By SM .01 Sep, 2020
PARIS: French satirical weekly Charlie Hebdo whose staff was decimated in a violent attack by Islamic extremists in 2015, is reprinting its cartoons of Mohammed, regarded as Prophet by members of Muslim community, to mark the start of a trial over the 2015 Islamist terror attack at the paper"s offices, news agency AFP reported.
The announcement on Tuesday came on the eve of the first trial for the January 2015 attacks against Charlie Hebdo and, two days later, a kosher supermarket.
"We will never lie down. We will never give up," Charlie Hebdo director Laurent Sourisseau wrote in an editorial to go with the cartoons today.
“The only reasons not to stem from political or journalistic cowardice,” the editorial said.
The trial of 14 perpetrators, who are charged with various crimes including supplying weapons, membership of a terrorist organisation and financing terrorism, is set to begin in Paris tomorrow.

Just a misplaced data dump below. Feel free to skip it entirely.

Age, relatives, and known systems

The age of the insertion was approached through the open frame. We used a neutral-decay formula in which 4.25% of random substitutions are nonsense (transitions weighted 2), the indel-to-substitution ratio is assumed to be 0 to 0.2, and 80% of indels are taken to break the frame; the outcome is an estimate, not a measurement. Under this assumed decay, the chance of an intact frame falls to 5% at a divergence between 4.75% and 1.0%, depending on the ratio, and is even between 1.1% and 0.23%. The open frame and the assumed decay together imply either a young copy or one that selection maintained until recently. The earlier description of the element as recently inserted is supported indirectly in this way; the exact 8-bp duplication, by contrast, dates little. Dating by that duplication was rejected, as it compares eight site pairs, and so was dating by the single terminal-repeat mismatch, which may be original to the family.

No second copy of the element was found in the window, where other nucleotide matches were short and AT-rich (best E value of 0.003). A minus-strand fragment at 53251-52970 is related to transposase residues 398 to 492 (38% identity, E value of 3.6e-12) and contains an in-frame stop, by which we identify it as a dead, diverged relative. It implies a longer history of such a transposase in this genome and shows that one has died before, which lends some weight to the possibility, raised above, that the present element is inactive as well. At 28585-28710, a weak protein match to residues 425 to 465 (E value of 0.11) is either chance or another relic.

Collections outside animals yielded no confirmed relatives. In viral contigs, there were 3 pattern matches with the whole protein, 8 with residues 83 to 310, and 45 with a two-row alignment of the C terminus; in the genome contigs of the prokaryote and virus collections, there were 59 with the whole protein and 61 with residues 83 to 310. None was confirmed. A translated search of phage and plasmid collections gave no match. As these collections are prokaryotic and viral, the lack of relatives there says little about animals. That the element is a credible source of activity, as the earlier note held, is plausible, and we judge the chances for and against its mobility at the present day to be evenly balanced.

Twelve people including some of France"s most celebrated cartoonists were killed in the Charlie Hebdo attack on January 7, 2015, when Said and Cherif Kouachi went on a gun rampage at the paper"s offices.
As they fled the office, the terrorists were heard shouting "We have killed Charlie Hebdo. We have taken revenge for the sake of the Prophet Mohammed."
Among those who were massacred in the gun attack were the weekly’s editor-in-chief Stephane Charbonnier, cartoonists Cabut, Bernard Verlhac, Georges Wolinski and Philippe Honore, economist Bernard Maris, columnist Elsa Cayat, Charb"s bodyguard Franck Brinsolaro, visitor Michel Renaud and proof-reader Mustapha Ourrad.
The cover of the latest Charlie Hebdo issue shows a dozen cartoons first published by the Danish daily Jyllands-Posten in 2005 -- and then reprinted by Charlie Hebdo in 2006.
In the centre of the cover is a cartoon of the prophet drawn by its cartoonist Jean Cabut, known as Cabu, who lost his life in the massacre.
Even as France was mourning the death of Charlie Hebdo employees, the attacks continued the next day when Amedy Coulibaly, an acquaintance of Cherif Kouachi, killed a female police officer, Clarissa Jean-Philippe. Coulibaly also killed four Jewish men at a kosher supermarket in eastern Paris after taking hostages and demanding that the Kouachi brothers go free.
In a video recording, Coulibaly said the attacks were co-ordinated and carried out in the name of Islamic State.